Early in season one, we see two skeletons referred to as “Adam and Eve.” Surely, this nickname, which seemed like a joke at the time, was no accident. Will the old humanity be destroyed only to bring in a new Adam and Eve to repopulate the world (Aaron and Ji Yeon perhaps)? Is this the point of Lost, or simply another one of its hidden messages about the real world? In Knowing, the Adam and Eve theme is shown almost literally — with a tree of knowledge and everything. This is the Tree of Knowledge of Good and Evil — a theme Lost focuses on quite often. Who is good? Who is evil? What is right? What is wrong? If you look deeper at the Biblical good and evil mythology, it’s not really so much about morality as is commonly interpreted, but about the material world we live in: a world of right and wrong, life and death, up and down, physicality, time, and the senses. These are aspects that did not exist in the Garden of Eden until humanity ate the forbidden fruit. It’s all an allegory for the creation of the physical universe. A world where we can experience ourselves as separate beings who seemingly have the freedom of choice to live life as we want.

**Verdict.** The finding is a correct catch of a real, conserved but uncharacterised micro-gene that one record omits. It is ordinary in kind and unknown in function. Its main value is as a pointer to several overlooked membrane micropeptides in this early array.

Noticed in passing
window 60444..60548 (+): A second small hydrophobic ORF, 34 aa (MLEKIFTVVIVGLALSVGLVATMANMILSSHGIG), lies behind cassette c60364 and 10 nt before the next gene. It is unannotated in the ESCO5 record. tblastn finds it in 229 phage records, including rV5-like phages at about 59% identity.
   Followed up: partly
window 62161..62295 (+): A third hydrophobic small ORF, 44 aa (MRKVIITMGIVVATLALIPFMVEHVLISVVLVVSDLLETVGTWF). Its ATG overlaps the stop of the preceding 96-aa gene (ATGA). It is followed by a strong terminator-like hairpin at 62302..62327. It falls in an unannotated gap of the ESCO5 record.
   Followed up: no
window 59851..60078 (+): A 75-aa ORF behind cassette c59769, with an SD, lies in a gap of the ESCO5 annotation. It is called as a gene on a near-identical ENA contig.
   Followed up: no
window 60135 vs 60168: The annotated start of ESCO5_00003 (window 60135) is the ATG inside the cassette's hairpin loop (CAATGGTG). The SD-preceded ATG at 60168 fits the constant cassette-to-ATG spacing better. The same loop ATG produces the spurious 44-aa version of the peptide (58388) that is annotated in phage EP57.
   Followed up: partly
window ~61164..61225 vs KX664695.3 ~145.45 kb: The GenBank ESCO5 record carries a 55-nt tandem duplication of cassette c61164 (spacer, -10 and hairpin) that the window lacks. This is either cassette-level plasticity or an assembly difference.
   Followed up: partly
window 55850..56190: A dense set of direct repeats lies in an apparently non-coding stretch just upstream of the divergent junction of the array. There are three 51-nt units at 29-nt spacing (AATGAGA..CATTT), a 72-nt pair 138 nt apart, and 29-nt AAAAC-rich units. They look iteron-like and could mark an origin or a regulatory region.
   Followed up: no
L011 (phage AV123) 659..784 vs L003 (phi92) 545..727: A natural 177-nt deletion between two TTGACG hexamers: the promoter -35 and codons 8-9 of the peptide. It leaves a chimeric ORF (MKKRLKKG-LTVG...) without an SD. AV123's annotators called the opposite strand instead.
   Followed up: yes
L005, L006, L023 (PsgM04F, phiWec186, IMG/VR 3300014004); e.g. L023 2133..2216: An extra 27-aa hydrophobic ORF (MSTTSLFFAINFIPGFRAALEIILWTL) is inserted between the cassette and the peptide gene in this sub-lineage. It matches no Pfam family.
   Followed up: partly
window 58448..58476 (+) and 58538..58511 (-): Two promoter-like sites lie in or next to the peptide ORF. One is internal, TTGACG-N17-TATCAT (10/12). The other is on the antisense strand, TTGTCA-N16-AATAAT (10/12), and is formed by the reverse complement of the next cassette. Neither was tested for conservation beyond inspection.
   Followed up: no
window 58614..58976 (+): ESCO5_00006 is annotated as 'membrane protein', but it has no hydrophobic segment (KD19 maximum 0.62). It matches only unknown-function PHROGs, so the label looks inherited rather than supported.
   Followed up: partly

According to all these media messages however, this world, as we know it may be coming to an end. On the one hand that could mean that the veil between our physical/illusionary world and the infinite world beyond may be thinning. On the other, it can be a warning that our days living on this planet may be numbered. Either way, it would seem that Lost, Knowing, and similar stories are telling us that humanity may be in for drastic changes. We will probably end up stronger when this cleansing is complete, but getting there is going to involve a lot of growing pains for many of us. And those who cannot deal with this new world may not be coming along. Already, we see how the old greedy paradigms are failing, the selfish people are falling, the cheats, liars, and assorted scoundrels are being busted, and those who represent the flashy epitome of ego are dying.
Yes, there are certainly a lot of clues out there in stories beyond Lost. But one thing that Lost has taught us is how to look for them. In fact, I think that has been one of the more important purposes of the whole show — to teach us that the clues of the universe are all around us — not just on Lost. As we move ever closer to Lost‘s final episodes, that knowledge is reassuring indeed. The search for clues will not end with Lost. Regardless of its solution, the show has opened our eyes to a whole new beginning.
Marc Oromaner is a New York City writer whose book, The Myth of Lost offers a simple solution to Lost and uncovers its hidden insight into the mysteries of life. He can be contacted in the discussion section of The Myth of Lost Facebook page.